Irish Enlightenment: St. Patty's Day Traditions

sham, rock this monday.

sham, rock this monday.

Erin go bragh! Have no idea what that actually means? Me either. I just know it’s the traditional St. Patrick’s Day chant/slogan. But I decided to do a little investigating St. Patrick’s Day traditions (sorry the Shamrock Shake at McDonald’s doesn’t count) and found out that Erin go bragh loosely translates as “Ireland Forever.” Well that clears that up. But what about all of the other things we do to celebrate a day when public drunkenness and pinching strangers is encouraged? Here are a few of the answers I found.

Shamrocks– Why do we look for these pesky shamrocks outside of a box of Lucky Charms? Apparently shamrocks were thought to symbolize the rebirth of spring and became a national Irish symbol of pride.

Wearing Green– Believe it or not, blue was the first color associated with St. Patrick’s Day. As folklore has it , green crept its way for a few reasons. Ireland was nicknamed “The Emerald Isle,” the above mentioned shamrocks, and the fact that the Irish flag has gone some green on it. Green officially became the unofficial color of St. Patrick’s Day around the 1700s but it’s Americans who perpetuate the tradition more than the Irish.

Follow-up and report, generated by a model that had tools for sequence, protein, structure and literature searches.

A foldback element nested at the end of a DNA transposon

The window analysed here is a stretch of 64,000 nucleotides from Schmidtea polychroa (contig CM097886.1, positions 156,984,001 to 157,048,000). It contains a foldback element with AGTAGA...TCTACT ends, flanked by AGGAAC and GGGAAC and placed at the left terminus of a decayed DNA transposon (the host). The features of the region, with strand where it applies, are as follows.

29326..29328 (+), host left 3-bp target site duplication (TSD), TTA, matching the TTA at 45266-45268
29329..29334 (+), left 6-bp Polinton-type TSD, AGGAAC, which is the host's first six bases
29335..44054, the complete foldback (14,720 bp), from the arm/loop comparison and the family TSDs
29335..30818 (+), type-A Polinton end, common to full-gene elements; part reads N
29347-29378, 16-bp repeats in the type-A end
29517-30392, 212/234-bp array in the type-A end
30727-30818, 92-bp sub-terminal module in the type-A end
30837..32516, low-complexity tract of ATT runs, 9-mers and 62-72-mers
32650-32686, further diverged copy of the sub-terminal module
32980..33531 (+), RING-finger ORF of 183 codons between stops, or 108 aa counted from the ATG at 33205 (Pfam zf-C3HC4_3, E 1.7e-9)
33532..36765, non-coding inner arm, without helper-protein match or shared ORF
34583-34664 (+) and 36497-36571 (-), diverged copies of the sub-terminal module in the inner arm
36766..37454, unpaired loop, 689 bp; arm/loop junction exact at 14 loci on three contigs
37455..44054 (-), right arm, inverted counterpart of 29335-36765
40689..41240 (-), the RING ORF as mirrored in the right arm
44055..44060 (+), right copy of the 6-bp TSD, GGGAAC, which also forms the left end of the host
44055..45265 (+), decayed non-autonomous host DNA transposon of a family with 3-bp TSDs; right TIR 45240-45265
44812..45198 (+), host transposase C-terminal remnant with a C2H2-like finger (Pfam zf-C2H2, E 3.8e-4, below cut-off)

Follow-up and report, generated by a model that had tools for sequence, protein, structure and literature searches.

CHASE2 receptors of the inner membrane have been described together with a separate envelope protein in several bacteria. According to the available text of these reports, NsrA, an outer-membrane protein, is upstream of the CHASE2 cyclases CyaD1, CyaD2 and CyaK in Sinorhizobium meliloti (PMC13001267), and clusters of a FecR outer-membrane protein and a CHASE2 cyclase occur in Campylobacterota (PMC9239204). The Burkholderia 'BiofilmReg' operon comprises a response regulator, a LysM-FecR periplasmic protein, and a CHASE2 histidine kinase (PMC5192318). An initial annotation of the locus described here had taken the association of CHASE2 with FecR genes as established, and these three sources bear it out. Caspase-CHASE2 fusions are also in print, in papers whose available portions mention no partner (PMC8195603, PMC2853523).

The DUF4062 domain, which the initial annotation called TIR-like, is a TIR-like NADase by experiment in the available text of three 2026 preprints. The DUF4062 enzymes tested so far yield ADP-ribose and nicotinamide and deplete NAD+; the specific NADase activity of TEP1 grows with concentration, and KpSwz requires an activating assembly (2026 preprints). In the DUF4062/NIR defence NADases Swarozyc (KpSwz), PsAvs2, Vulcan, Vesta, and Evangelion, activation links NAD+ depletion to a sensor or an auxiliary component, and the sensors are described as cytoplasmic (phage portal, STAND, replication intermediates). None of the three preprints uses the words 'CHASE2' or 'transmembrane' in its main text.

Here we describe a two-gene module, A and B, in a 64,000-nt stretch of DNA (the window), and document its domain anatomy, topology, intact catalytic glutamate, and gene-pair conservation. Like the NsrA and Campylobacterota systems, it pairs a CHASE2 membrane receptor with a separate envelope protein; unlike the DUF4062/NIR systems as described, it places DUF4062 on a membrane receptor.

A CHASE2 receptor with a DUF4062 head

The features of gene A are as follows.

Corned Beef– Eating Corned Beef on St. Patrick’s Day is actually an American tradition, not an Irish one. Corned Beef was never a traditional Irish food. But when the Irish immigrated to America (specifically New York City), their Jewish neighbors introduced them to this delicacy, which was cheaper than pork.

Now when you’re in the middle of your St. Patty’s day stupor, you can explain to your friends why they’re doing the things they do to celebrate. Please note, drinking green beer is never encouraged- luck of the Irish or not.

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